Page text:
Glastonbury is many things to many different people. To the hippies in the Green Field, Glastonbury is a space for spiritual enlightenment. To the kids moshing around in the mud before the Pyramid stage, Glastonbury is a chance to get wasted and listen to bands. To my son, Glastonbury is a tractor-and-lorry convention. To me, Glastonbury is a challenge to my Dadness. The logistics involved in getting in and out of the festival with the minimum of delay, camping with three young children, and coming out of the experience with all limbs and offspring intact requires the kind of fortitude, foresight, judgement and brute physical strength that constitute Dadness.
I have camped at Glastonbury for two consecutive years with my three children and will do so again this year. I have some insights to share with other Dads who might consider attempting the festival with their children:
1) Camp high
As a performer, I camped backstage at the Park, on a high pitch overlooking the festival, close to the fence. The effort involved in hauling the gear uphill was offset by the relative peace and quiet of the spot throughout the festival. If I was going there as a common-or-garden Dad punter, I would aim far away and high.
2) Take a wheelbarrow or trolley
Hauling your gear from car to site is a difficult and unpleasant experience if you’ve got a big family tent and all the extra beds and sleeping bags that come with children. Glastonbury has metal reinforced pathways that are wide and hard enough to take a large trolley or barrow. The walk from car to campsite for me was about half an hour. I had to make two trips. I would struggle to carry my tent more than ten minutes on my back. Keep a tight rein on the amount of gear you are taking. Take some rope to secure your gear to the barrow and some string to tie all the sleeping bags and mats together.
I never used to cook at festivals but these days finances mean we have to bring all our food with us. So what to take? We live off a big home-cooked chicken pie and sausage rolls, large jars of homemade pesto with bags of pasta, and a bag of croissants. You can’t wash up easily at Glastonbury, and you don’t want to lug a coolbox there, so I avoid meat and food that requires anything more complex than heating a pan of water. Don’t stop off at Tescos on your way there, as then you will have to carry thin shopping bags across the festival.
4) Kids’ field
Bugaboo hell. None of the parents we travelled with enjoyed the kids’ field. First of all, who wants to sit around watching their children do stuff? Secondly, children aren’t going to learn to juggle in the hour or two you spend there. I’d rather see family experiences more integrated with the festival such as…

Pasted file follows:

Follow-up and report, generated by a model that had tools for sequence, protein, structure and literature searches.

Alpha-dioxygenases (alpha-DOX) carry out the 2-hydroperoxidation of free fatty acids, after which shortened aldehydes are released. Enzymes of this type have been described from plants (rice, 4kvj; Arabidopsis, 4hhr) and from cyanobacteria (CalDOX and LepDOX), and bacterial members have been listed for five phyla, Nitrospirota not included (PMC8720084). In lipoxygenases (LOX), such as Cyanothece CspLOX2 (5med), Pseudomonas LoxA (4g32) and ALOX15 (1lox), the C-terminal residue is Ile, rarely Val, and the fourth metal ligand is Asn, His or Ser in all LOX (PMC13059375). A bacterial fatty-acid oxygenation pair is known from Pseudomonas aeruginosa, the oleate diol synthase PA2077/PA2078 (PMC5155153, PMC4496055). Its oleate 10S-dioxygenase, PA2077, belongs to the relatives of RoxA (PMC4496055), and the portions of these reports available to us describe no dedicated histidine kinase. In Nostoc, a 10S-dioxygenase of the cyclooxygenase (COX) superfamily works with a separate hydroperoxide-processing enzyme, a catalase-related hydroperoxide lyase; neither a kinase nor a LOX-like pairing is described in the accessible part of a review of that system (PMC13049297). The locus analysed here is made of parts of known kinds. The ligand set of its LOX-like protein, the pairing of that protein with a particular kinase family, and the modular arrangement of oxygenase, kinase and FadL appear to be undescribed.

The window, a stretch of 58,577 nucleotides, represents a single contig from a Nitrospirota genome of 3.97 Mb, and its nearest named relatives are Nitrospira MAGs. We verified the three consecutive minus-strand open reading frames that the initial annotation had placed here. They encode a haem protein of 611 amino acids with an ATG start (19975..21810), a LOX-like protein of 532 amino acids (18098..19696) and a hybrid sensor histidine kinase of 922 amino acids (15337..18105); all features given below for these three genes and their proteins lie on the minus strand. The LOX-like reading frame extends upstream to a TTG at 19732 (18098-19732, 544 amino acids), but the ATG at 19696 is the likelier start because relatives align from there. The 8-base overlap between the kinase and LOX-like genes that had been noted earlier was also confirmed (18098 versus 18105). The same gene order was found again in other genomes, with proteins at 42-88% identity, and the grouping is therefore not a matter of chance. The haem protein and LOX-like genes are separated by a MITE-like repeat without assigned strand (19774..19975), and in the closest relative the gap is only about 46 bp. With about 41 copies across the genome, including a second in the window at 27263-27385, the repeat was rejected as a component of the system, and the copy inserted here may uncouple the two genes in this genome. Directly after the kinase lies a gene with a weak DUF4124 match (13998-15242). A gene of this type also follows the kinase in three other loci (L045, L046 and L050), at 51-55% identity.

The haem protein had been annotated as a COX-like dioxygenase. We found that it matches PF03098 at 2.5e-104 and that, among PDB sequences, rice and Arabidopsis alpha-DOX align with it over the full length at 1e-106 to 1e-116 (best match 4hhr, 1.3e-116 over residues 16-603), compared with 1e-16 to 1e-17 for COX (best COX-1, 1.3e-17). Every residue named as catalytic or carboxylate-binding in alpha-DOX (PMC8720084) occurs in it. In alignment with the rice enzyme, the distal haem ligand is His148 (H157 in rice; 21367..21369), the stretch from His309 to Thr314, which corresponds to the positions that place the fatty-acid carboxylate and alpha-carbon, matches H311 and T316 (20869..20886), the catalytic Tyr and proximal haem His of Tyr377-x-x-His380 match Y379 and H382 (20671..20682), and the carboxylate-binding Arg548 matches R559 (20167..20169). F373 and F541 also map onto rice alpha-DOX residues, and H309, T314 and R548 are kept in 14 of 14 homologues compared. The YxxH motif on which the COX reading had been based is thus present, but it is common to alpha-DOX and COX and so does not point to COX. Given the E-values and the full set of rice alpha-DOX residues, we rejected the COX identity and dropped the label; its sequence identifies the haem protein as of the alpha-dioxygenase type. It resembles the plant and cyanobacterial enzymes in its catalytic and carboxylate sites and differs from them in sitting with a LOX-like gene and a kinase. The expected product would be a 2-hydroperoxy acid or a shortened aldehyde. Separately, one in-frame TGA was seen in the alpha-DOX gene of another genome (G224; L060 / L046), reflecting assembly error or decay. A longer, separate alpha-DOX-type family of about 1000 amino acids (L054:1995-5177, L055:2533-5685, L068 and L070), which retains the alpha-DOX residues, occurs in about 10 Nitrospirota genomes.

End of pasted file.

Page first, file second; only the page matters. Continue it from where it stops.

5) House of Fairy Tales
Established by artists Deborah Curtis and Gavin Turk, the House of Fairy Tales is “a child-centred artist led project which draws on an extensive team of artists, performers, writers, educationalists, designers, musicians, film makers, dreamers and philosophers to create magical, parallel worlds where learning is play and play is directed learning.” The people at the House of Fairy Tales are one highlight of Glastonbury and my three children get thoroughly involved. Last year Doctor Who himself, Matt Smith, dropped by and was photographed with all the kids.The House of Fairy Tales is located in the Park area.
6) The Park
Established by Emily Eavis in 2007, the Park is ideal for Dads. The bar is not so packed, the stage is full of interesting and alternative acts (all the bands I want to see – in Glastonbury 2011, that’s James Blake, Tame Impala, John Grant), and you are well out of the maddening throng. Also the Free University of Glastonbury is in the Park area – I am talking about the history and meaning of camping there on Sunday at 1pm.
7) But what about the headliners?
I didn’t see any of the big acts. I’ve been in those crowds without kids. I couldn’t face them with small children. One of the consequences of taking kids with you is that you are excused Must Seeing the Must See events. I wouldn’t cross the road to watch Bono sing, never mind jostle for position amongst thousands of other people. Free yourself of festival fret – that feeling that something better is happening somewhere else and you must trudge off to see it.
8) You sound like a really dull man
I am speaking only from the Dad perspective here, from that portion within me concerned with the logistics of shifting a family around. But it’s a fair comment.
9) When should Dads arrive at Glastonbury, and when should they leave?
Judging arrival and departure is the real trick. Over the last few years, because of the recession and the poor rate of exchange with the euro, many people take Glastonbury as their holiday. This skews the usual traffic patterns, with lots of people arriving on a Wednesday. I aim to arrive around 11am on Thursday morning. and have never any problems and barely any delay. We leave on Sunday about 4-5pm and likewise there is no queue. To put that in perspective, my mate spent six hours in the car park on Monday. Six hours! Fortunately he did not have his children with him
We went for two backpacks in which to haul the children around, each packed up with wet and hot weather gear. Just don’t take a buggy that runs on casters, as I saw a lot of Dads digging the mud and grass out from the wheels. My reasoning is that a buggy will struggle in the really deep Glasto mud. The last two years have been dry. But it won’t always be so.